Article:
• You must find the conclusion of the argument, which the author claims to have reached. That most common situations are as follows:
    • The conclusion is the last sentence of the passage, often starting by words such as so, therefore, hence, consequently etc.
    • The conclusion is the first sentence of the passage followed by the supporting evidence.
    • Occasionally, the conclusion is not present in the passage; in this case, the question asks you to identify the conclusion.
  • Pay particular attention to signal words such as accordingly, for this reason, hence, although, but, except, in contrast, nevertheless, unlike etc.
  • Eliminating the choices is always the best strategy if you do not know what the correct answer is. This process will eliminate some obvious wrong choices. And you will be able to make an educated guess from the remaining ones.
  • Every argument is based upon certain assumptions made by the author. If an argument's basic premises are sound, the argument is strengthened. If an argument's basic premises are flawed, the argument is weakened. In support questions, where you have to decide about weakening or strengthening the question, pinpoint what the argument assumes. Then compare that assumption with the answer choices. If the question asks you to find the choice, which most strengthens the argument, look for the choice that is most in keeping with the argument's basic assumption. If the question asks you to choose the choice that most weakens the argument, look for the answer that casts the most doubt on that assumption.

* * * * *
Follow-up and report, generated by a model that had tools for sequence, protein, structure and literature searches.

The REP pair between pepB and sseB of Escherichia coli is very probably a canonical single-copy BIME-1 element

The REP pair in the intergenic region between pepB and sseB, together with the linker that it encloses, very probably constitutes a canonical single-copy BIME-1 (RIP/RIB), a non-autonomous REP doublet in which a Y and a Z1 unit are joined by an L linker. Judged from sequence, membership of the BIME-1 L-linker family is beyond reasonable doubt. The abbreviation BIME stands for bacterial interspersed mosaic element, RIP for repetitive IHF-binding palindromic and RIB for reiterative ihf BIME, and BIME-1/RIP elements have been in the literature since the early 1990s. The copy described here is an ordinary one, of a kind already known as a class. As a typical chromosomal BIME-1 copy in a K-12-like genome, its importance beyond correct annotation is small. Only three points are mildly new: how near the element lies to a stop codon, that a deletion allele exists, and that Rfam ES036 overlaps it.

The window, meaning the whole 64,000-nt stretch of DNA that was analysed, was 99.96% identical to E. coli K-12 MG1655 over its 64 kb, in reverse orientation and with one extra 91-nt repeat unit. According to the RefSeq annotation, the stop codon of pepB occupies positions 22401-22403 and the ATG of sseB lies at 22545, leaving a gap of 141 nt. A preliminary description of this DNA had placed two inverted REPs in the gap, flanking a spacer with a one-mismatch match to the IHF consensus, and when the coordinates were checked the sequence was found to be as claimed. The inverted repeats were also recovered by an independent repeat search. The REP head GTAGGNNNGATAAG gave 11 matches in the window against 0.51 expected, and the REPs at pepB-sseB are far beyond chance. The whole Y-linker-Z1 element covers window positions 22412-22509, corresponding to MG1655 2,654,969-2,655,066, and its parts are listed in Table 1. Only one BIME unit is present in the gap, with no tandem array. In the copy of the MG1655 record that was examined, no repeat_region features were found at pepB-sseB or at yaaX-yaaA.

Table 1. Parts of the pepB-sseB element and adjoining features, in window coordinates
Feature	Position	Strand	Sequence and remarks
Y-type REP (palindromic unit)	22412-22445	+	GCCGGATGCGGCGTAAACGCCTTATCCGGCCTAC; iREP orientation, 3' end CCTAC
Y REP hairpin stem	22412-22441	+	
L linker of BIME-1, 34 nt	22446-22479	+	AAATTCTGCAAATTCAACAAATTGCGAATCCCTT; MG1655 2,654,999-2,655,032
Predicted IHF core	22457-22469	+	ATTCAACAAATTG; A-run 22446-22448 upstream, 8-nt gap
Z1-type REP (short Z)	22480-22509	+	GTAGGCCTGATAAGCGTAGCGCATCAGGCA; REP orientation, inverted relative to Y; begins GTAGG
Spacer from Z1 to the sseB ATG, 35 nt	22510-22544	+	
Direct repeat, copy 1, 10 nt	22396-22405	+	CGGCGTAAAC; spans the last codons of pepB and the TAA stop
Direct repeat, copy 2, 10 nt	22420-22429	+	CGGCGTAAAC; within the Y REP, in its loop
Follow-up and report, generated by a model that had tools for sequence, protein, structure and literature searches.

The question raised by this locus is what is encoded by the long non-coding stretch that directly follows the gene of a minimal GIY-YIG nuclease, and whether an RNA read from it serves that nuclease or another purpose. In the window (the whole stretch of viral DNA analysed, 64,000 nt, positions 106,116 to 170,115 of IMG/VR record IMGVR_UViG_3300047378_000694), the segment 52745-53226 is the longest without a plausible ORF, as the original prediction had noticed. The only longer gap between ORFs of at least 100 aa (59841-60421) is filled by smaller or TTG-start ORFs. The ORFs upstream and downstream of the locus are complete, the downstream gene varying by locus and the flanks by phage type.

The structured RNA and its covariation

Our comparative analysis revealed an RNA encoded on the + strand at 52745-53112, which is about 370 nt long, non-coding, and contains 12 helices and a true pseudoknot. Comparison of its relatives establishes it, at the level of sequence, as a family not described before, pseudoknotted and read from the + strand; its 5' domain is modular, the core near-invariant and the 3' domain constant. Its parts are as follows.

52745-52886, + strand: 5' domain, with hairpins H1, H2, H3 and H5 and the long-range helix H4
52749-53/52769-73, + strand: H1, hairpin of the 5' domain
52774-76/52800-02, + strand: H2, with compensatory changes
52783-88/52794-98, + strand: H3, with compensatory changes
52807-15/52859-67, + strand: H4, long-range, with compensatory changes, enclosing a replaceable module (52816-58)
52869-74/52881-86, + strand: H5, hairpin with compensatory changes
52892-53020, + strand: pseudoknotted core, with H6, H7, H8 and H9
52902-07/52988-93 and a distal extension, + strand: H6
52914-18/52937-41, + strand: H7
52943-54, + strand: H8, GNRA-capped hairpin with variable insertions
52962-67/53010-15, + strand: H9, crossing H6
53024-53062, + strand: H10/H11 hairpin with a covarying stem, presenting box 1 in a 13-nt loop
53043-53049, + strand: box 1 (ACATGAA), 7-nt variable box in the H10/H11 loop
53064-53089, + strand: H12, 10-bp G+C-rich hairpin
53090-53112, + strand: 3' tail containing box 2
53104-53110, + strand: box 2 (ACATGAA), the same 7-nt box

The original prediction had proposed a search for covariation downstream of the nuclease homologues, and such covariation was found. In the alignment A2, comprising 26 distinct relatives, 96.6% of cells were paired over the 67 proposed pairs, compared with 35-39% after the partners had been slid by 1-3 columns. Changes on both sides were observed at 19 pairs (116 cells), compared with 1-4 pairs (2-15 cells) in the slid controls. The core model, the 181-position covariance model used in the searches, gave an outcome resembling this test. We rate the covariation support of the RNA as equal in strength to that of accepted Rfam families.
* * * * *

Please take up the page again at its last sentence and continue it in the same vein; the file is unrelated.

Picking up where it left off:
• Some logical reasoning questions are essentially mini analytical reasoning questions, be familiar with all of the important logical facts and apply whenever needed.

Suggested Approach

  • Read each question carefully. Make sure that you understand the meaning of each part of the question.
  • Read every answer choice. Make sure that you you understand the meaning of each answer choice and the ways in which it may or may not relate to the question posed.
  • Do not pick a response simply because it is a true statement. Although true, it may not answer the question.
  • Answer each question on the basis of the information that is given, even if you do not agree with it.
  • Work within the context provided by the passage.

Question

A study at Institute of Public Health has shown that there are still millions of people who are unaware that they endanger their health by over eating. This is so, despite government campaigns to warn people of the dangers of over eating. Reluctantly, one has to draw the conclusion that the mandatory warnings that nutrition companies are required to print have had no effect.

Which of the following, if true, would refute the argument in the passage?

  1. Many people who continue to eat more are aware of the dangers of over eating.
  2. Some people eat more food for legitimate reasons.
  3. Government has had to force companies to warn potential customers of the dangers of over use of their products.
  4. Some people who are aware of the dangers of over eating were made aware of them by the mandatory warnings.
  5. Over eating is clearly responsible for a substantial proportion of preventable illness in the country.

Explanation:

The argument in this question concludes "the mandatory warnings that nutrition companies are required to print have had no effect"

It holds that the warnings have had no effect because "there are still millions of people who are unaware" that their over eating endangers their health. In order to refute the argument it is sufficient to present evidence of two things:

  • That there are some people who are aware of the dangers of over eating and
  • That these people are aware because of the mandatory warnings.

(A) is incorrect because it includes only the first part of the refutation described above. This is an attempt to refute the author's argument.
(B) is incorrect because the author's argument does not deal with the reasons people over eat.
(C) is incorrect because the fact that "government has had to force companies to warn ... of the dangers" is irrelevant to the issue of warnings and awareness.
(D) is the correct answer because it presents the true evidence.
(E) is incorrect because it merely elaborates a minor detail in the passage.


Question Format
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Suggested Approach